The Smithsonian’s National Zoological Park in Washington, D.C., hosts nearly 400 species of animals, including big cats, Andean bears, and of course the well-known Chinese pandas. I’ve visited them many times with local friends and out-of-town guests. The Zoo is located at the southern tip of Rock Creek Park in NorthWest Washington, fairly set apart from most of the museums and other attractions. There are a handful of suitable hotels within walking distance:
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This luxury hotel is housed in the former First Church of Science building, built in 1912. It features a soaring domed ceiling, several cool restaurants and bars, and its own radio station, which broadcasts programming on D.C.’s cultural scenes live from a studio in the lobby. The closest Metro stop is Woodley Park on the Red line.
The Shoreham is an upscale hotel with cozy rooms, a grand lobby, and a quiet location. It has hosted many Presidents; I saw Ronald Reagan there. It is right across from the Woodley Park Metro station.
This enormous business hotel boasts several restaurants and bars. I’ve attended a number of conferences and dinners here over the years. But it’s unfortunately best remembered as the hotel where John Hinckley shot Ronald Reagan; locals still call it “the Hinckley Hilton”. The closest Metro stop is DuPont Circle on the Red line.
This historic hotel with a mouthful of a name occupies the 1906 beaux-arts building that once housed the Highland Hotel. Its restaurant serves classic American cuisine. I’ve stayed and attended meetings in the cozy elegant building a few times. The closest Metro station is DuPont Circle.
This cozy boutique hotel offers a complementary wine-and-cheese hour and chocolate-chip cookies. The closest Metro stop is DuPont Circle.
What to Know before You Go to the National Zoo
The closest Metro stop is Woodley Park on the Red line. There is limited parking for which you must reserve a pass.
There are several junk-food restaurants, gift shops, food trucks, and kitsch kiosks throughout the Zoo.
Wear loose layers and comfortable, closed-toe walking shoes.
Allow two to four hours.
Resources to help plan your trip to Washington, D.C.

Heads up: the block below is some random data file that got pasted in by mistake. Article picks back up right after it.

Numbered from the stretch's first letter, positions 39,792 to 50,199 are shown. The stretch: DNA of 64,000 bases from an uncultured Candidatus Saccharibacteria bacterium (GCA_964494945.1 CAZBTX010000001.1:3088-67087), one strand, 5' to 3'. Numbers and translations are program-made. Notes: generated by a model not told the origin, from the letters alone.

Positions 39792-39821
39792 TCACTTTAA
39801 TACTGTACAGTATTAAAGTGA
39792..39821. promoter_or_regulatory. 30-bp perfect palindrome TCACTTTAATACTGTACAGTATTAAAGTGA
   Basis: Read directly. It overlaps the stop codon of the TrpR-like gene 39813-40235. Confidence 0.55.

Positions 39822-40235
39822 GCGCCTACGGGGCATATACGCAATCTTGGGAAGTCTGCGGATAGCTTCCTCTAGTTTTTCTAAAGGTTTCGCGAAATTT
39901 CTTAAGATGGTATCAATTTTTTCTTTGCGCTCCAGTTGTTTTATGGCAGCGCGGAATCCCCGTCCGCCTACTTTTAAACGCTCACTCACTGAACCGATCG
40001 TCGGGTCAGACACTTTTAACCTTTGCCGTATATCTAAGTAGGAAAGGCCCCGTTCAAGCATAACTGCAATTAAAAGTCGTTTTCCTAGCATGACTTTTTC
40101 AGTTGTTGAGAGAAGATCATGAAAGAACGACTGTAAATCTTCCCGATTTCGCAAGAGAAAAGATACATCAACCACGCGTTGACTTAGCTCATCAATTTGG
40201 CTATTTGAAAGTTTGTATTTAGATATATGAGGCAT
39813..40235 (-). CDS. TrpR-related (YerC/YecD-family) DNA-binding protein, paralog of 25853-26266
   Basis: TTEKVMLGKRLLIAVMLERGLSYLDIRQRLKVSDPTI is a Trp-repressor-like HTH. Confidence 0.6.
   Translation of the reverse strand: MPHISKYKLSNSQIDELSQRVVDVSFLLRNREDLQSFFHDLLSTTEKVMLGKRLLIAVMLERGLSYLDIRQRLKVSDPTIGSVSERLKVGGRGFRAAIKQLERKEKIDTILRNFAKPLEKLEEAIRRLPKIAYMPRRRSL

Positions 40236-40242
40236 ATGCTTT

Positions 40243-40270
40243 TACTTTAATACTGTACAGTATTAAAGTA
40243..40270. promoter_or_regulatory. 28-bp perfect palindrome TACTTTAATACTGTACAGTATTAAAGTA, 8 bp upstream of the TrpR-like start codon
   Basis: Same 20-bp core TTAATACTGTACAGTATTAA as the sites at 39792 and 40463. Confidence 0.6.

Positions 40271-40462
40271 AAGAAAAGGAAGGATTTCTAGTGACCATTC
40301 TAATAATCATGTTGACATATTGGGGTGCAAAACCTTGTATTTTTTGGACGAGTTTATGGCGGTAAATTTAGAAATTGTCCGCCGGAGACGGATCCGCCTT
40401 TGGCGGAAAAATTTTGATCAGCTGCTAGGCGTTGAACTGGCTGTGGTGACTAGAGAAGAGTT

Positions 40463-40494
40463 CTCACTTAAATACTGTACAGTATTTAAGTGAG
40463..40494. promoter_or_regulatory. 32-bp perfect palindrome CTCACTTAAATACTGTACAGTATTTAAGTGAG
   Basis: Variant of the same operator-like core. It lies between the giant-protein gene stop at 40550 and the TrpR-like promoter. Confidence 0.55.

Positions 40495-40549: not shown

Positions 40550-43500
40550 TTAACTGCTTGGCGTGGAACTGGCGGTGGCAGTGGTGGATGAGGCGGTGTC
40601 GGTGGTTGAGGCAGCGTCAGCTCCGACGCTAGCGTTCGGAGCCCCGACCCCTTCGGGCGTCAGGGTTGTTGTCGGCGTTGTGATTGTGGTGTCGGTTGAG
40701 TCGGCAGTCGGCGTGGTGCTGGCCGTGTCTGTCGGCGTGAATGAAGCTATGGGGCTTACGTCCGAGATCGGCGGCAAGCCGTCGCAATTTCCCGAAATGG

Find flights. The most convenient airport to Washington is Reagan National, just across the Potomac River in Arlington, Virginia; its code is DCA. If you are coming from overseas, you will most likely fly into Dulles International, further out in Virginia; its code is IAD.
Join Lyft. It’s convenient ground transportation.
Book tours. Viator offers lots in Washington, if you like having a local guide.
Make dinner reservations. The Washington area has 120 Michelin restaurants and 119 Bilt restaurants.
Join Priority Pass. The program offers members access to lounges and discounts on restaurants at airports. At Dulles, you have access as follows:
- Concourse A: Air France | KLM Lounge and Virgin Atlantic Clubhouse
- Concourse B: Turkish Airlines Lounge and Lufthansa Business Lounge
Buy Air Tags. Always know where your bags are.
Join Rakuten. The program pays you cash-back for booking through its portal. As of this writing, Rakuten is offering up to 6 percent cash back at Viator and TripAdvisor.
Use the right rewards credit cards. Some good options that pay you cash-back or travel points:
- Bilt pays 3 points/dollar on dining and 2 points/dollar on travel.
- Capital One Quicksilver pays 1.5 percent cash-back on all spending.
- Capital One Savor pays 4 percent cash-back on dining and entertainment.
- Capital One Venture X pays 2 miles/dollar on purchases.
- Discover pays 5 percent cash-back on categories that rotate quarterly and 1 percent cash-back on other spending.
Read reviews. Not sure about something? Tripadvisor has lots of real-people reviews for things to do in Washington.
I fell in love with travel on a trip to Mexico when I was nine years old. Since then, I’ve travelled the globe from Israel to El Salvador. I’ve skied the Swiss Alps and hiked national parks like Acadia, Zion, Shenandoah, and Virgin Islands. I’ve marvelled at masterpieces in the Prado, the Uffizi, the Huntington, and the National Gallery of Art. I’ve stayed in a cabin on a mountaintop in Norway and on a kibbutz along the Sea of Galilee, and been kicked out of the Ritz at the Place Vendôme. I’ve taken cooking classes from New England to the Caribbean, and watched a chef prepare traditional shakshuka in the kitchen of his restaurant in Tel Aviv. I weave historical research and my personal experiences together in writing this blog. I hope you find it helpful. Read more …